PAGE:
Jump He is aware of himself in the room, behind the apartment door, at the end of a corridor, within the spaces of this destination that has the name HOTEL LEBUVU in gilt mosaic where he was brought in. The vast lobby where a plastic-upholstered sofa and matching easy chairs are stranded, the waiting elevator in its shaft that goes up floor after floor past empty halls, gleaming signs—CONFERENCE CENTRE, TROPICANA BUFFET, THE MERMAID BAR—he is aware of being finally reached within all this as in a film a series of dissolves passes the camera through walls to find a single figure, the hero, the criminal. Himself. The curtains are open upon the dark, at night. When he gets up in the morning he closes them. By now they are on fire with the sun. The day pressing to enter. But his back is turned; he is an echo in the chamber of what was once the hotel. The chair faces the wide-screen television set they must have installed when they decided where to put him. There is nothing to match its expensive finish—the small deal table and four chairs with hard red plastic-covered seats, the hairy two-division sofa, the Formica-topped stool, the burning curtains whose circles and blotches of pattern dazzle like the flicker of flames: these would be standard for a clientele of transients who spend a night, spill beer, and put out cigarettes under a heel. The silvery convex of the TV screen reflects a dim, ballooned vision of a face, pale and full. He forgets, and passes a hand over cheek and chin, but there is no beard there—it’s real that he shaved it off. And they gave him money to fit himself out with the clothes he wears now. The beard (it was dark and vigorous, unlike the fine hair of his head) and the camouflage fatigues tucked into boots that struck authoritatively with each step, the leather-bound beret; took them all off, divested himself of them. There! He must be believed, he was believed. The face pale and sloping away into the pale flesh of the chin: his hidden self produced for them. It’s there on the dead screen when he looks up. They supplied a cassette player of good quality as well as the wide-screen television set. He is playing, so loudly it fills the room, presses counter to the day pressing against the curtains, the music track from a film about an American soldier who becomes brutalized by the atrocities he is forced to commit in Vietnam. He saw the film long ago, doesn’t remember it well, and does not visualize its images. He is not listening: the swell and clash, the tympani of conflict, the brass of glory, the chords of thrilling resolve, the maudlin strings of regret, the pauses of disgust—they come from inside him. They flow from him and he sits on and does not meet the image smeared on the screen. Now and then he sees his hand. It never matched the beard, the fatigues, the beret, the orders it signed. It is a slim, white, hairless hand, almost transparent over fragile bones, as the skeleton of a gecko can be seen within its ghostly skin. The knuckles are delicately pink—clean, clean hand, scrubbed and scrubbed—but along the V between first and second fingers there is the shit-coloured stain of nicotine where the cigarette burns down. They were prepared to spend foreign currency on him. They still supply from somewhere the imported brand he prefers; packets are stacked up amply in their cellophane, within reach. And he can dial room service as indicated on the telephone that stands on the floor, and, after a long wait, someone will come and bring cold beer. He was offered whisky, anything he liked, at the beginning, and he ordered it although he had never been one to drink spirits, had made the choice, in his profession, of commanding the respect accorded the superiorly disciplined personality rather than the kind admiringly given to the hard-living swaggerer. The whisky has stopped coming; when he orders a bottle nothing is said but it is not delivered. As if it mattered. Covered by the volume of the music, there is the silence. Nothing said about the house: the deal included a house, he was given to understand it would be one of the fine ones left behind and expropriated by the State in the name of the people, when the colonials fled. A house with a garden and watchman for privacy, security (in his circumstances), one of the houses he used to ride past when he was the schoolboy son of a civil servant living here in a less affluent white quarter. A house and a car. Eventually some sort of decent position. Rehabilitated. He had thought of information, public relations (with his international experience); it was too soon to say, but they didn’t say no. Everything he wanted: that was to be his reward. The television crews came—not merely the tin-pot African ones but the BBC, CBS, Antenne 2, Zweites Deutsches Fernsehen—and the foreign correspondents flew in with their tape recorders. He was produced at press conferences in the company of the Commander of the Armed Forces, the Minister of Defence, and their aides elegant as the overthrown colonial ones had been. A flower arrangement among the water carafes. Him displayed in his provided clothes, his thighs that had been imposing in fatigues too fleshy when crossed in slightly shiny tropical trousers, his chin white, soft and naked where the beard was gone, his hair barbered neat and flat with the dun fringe above the forehead, clippers run up the nape—on his big hunched body he saw in the newspaper photographs the head of a little boy with round bewildered eyes under brows drawn together and raised. He told his story. For the first few months he told his story again and again, in performance. Everyone has heard it, now. On the table with the four chairs drawn up a cold fried egg waits on a plate covered by another plate. A jug of hot water has grown tepid beside a tin of instant coffee. Someone has brought these things and gone away. Everyone has gone away. The soaring, billowing music in the room is the accompaniment the performance never had. When the tape has ended he depresses the rewind button to play it again.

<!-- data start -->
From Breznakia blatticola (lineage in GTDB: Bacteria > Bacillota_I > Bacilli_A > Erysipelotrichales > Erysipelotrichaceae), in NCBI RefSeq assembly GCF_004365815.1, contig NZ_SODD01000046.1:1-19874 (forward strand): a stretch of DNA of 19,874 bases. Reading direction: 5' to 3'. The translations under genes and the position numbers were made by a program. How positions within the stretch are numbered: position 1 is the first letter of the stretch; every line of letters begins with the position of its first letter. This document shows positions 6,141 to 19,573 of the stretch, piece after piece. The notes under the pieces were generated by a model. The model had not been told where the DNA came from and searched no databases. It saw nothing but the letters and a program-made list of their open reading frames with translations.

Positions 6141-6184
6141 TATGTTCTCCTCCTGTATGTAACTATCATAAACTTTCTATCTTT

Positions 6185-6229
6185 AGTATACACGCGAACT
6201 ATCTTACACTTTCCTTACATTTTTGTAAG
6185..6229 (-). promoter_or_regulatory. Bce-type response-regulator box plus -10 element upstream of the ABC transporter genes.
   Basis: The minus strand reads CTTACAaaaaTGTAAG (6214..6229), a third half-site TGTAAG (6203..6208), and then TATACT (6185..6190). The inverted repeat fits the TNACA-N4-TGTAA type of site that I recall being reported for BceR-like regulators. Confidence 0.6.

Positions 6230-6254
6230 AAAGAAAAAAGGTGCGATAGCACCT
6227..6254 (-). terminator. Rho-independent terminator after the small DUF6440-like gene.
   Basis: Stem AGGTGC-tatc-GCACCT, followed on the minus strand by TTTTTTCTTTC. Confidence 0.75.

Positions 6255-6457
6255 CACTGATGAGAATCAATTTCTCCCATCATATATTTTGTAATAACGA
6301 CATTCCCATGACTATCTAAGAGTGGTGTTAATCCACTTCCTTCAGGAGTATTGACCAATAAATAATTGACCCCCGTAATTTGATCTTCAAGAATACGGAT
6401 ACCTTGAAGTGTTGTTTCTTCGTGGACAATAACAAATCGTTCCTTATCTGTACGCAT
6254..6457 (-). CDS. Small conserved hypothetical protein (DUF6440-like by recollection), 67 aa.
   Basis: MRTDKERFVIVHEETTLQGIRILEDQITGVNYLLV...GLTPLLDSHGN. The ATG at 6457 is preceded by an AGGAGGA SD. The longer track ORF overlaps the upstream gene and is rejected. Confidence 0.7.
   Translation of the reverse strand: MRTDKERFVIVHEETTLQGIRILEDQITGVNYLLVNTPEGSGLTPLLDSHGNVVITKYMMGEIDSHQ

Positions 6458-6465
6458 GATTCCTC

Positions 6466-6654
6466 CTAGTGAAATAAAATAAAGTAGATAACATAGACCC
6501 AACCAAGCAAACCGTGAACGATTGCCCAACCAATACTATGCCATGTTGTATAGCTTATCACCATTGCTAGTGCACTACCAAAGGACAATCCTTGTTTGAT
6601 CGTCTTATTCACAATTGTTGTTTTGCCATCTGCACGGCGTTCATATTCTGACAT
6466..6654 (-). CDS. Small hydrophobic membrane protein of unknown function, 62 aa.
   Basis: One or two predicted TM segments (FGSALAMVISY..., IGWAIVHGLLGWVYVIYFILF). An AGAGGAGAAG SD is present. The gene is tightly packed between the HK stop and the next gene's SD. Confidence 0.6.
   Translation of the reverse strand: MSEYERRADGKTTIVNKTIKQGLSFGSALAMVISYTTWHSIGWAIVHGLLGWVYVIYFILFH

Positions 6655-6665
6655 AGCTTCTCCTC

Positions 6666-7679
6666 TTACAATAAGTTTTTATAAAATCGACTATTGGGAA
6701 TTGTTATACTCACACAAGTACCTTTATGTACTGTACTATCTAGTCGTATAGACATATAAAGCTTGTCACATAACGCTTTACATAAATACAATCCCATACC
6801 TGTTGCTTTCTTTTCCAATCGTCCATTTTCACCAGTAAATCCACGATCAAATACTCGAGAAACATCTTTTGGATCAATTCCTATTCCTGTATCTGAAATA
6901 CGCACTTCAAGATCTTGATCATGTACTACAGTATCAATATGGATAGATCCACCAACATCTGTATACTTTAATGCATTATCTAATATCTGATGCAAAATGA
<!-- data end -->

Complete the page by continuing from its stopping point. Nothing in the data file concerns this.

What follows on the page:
They never mention the house or the car and he doesn’t know how to bring up the subject—they hardly ever come to see him any more, but maybe that’s natural because the debriefing is over, they’re satisfied. There’s nothing more to tell the television crews and the press. There’s nothing more he can think of—think back! think back!—to find to say. They’ve heard about his childhood in this capital, this country to which he has been returned. That he was an ordinary colonial child of parents who’d come out from Europe to find a better life where it was warm and there were opportunities. That it was warm and there was the sea and tropical fruit, blacks to dig and haul, but the opportunity was nothing grander than the assured tenure of a white man in the lower ranks of the civil service. His parents were not interested in politics, never. They were not interested in the blacks. They didn’t think the blacks would ever affect their lives and his. When the colonial war began it was away in the North; troops came from the ‘mother’ country to deal with it. The boy would perhaps become an accountant, certainly something one rung above his father, because each generation must better itself, as they had done by emigrating. He grew up taking for granted the activities and outlets for adventurous play that had no place in the reality of the blacks’ lives, the blacks’ war: as an adolescent he bonded with his peers through joining the parachute club, and he jumped—the rite of passage into manhood. In the capital, the revolution was achieved overnight by a relinquishment of power by Europe, exacted by the indigenous people through years of war in the rural areas. A few statues toppled in the capital’s square and some shops were looted in revenge for exploitation. His parents judged their security by the uninterrupted continuance, at first, of the things that mattered to them: the garbage continued to be collected twice a week and there was fish in the market. Their modest lives would surely not be touched by black rule. He was apprenticed as draughtsman to an architect by then (more prestigious than accountancy) and his weekend hobby, in addition to jumping from the sky, was photography. He even made a bit of pocket money by selling amusing shots of animals and birds to a local paper. Then came the event that—all at once, reeled up as the tape is filling its left cylinder on rewind—the experience that explained everything he had ever done since, everything that he was to confess to, everything he was to inculpate himself for and judge himself on in his performance for the journalists under the monitoring approval of the Commander of the Armed Forces and the Minister of Defence, during the probing of debriefing, the Q and A interviews; and to himself, in fiery dimness behind the curtains’ embers, facing the fish-eye of the TV screen, surrounded by the music, alone. He took a photograph of a sea-bird alighting on some sort of tower structure. Soldiers lumbered with sawn-off machine guns seized him, smashed his camera and took him to the police. He was detained for five weeks in a dirty cell the colonial regime had used for blacks. His parents were told he was an imperialist spy—their innocent boy only two years out of school! Of course, this was all in the confusion of the first days of freedom (he would explain to his audience), it was to be expected. And who was that boy to think he could photograph anything he liked, a military installation of interest to the new State’s enemies? That white boy. At this point in the telling came the confession that for the first time in his life he thought about blacks—and hated them. They had smashed his camera ...

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Nadine Gordimer
Edité par Bloomsbury Pub. (1991)
ISBN 10 : 0747510202 ISBN 13 : 9780747510208
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Description du livre Bloomsbury Pub., 1991. Hardcover. État : New. N° de réf. du libraire DADAX0747510202